cajun to the breadcrumbs, you want a 60% breadcrumbs to %40 percent cajun mixture. Place flour in a separate bowl. Cut the pickles into 4 segments each, length wise, an place on paper towel to let it soak up some of the moisture, the less moisture the better. We used to freeze our pickles after we made them, but found that the moisture create in the ice made the batter fall off when we fried them. let them soak into the paper towel for at least 15 minutes.
Then, as Jillian demonstrates in the below pictures, dip into the egg mixture, then the flour, back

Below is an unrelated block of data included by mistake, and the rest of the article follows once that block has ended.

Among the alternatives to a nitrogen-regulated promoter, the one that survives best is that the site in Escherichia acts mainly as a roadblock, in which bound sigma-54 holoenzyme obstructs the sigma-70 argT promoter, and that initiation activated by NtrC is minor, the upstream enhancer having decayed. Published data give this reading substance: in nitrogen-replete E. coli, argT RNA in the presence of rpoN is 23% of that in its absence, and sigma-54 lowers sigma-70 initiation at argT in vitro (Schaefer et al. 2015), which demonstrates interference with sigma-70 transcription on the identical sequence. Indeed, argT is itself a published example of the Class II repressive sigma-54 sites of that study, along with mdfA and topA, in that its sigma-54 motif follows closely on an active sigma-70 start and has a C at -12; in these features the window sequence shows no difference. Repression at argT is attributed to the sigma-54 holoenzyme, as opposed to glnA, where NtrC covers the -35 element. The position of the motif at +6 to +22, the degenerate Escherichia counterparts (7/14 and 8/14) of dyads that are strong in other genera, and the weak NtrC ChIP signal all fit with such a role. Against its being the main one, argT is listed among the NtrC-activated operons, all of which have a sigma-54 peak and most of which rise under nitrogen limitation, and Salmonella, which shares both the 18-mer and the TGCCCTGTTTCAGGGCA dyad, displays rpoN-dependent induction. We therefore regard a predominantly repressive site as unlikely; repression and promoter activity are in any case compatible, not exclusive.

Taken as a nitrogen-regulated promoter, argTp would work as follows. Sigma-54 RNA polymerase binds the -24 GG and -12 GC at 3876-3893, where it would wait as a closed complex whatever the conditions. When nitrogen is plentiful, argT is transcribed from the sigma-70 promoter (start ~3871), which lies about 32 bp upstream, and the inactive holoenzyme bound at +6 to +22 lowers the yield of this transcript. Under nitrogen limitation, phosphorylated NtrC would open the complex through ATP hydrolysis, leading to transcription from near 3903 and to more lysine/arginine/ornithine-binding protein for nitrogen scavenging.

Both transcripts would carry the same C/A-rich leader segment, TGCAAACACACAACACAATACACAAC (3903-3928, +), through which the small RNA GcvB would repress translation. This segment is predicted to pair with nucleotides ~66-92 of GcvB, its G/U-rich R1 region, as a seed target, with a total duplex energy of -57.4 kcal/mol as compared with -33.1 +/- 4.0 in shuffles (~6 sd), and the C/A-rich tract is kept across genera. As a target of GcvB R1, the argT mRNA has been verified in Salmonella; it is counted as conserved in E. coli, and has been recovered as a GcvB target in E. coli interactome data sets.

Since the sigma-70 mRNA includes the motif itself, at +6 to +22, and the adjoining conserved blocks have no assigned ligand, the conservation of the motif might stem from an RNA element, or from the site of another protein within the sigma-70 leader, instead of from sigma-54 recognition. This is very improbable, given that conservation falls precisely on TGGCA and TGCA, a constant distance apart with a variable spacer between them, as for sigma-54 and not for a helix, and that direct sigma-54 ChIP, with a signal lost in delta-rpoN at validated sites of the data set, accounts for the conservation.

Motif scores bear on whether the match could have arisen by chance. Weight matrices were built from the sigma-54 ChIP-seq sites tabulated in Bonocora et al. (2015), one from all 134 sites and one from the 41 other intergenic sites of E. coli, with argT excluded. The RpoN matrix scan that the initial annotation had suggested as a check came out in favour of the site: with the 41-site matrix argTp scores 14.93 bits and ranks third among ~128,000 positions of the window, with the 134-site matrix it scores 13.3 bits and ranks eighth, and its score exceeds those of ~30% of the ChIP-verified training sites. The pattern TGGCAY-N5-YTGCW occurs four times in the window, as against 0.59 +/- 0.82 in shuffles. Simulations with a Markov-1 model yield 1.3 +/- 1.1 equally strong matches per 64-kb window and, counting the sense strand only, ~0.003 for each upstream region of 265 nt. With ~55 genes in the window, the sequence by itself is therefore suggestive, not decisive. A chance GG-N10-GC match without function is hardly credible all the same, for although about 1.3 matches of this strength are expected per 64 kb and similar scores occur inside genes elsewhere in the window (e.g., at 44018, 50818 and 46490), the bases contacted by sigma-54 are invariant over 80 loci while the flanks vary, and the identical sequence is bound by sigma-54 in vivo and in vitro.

into the egg and then into the the resulting should be a nice thick layer of a breadcrumb batter. Place the pickles in the deep fryer for approximately 45 seconds or until the breadcrumbs brown. Let cool and serve with sour cream! I give this recipe 8 fries out of ten, but only if you are a pickle lover, as they are very dilly.I seemed to have lost the picture of the finished product, but will post later. Enjoy!
p.s. Thanks Jillian!

February 13, 2009

i battered your taters until your balls were crunchy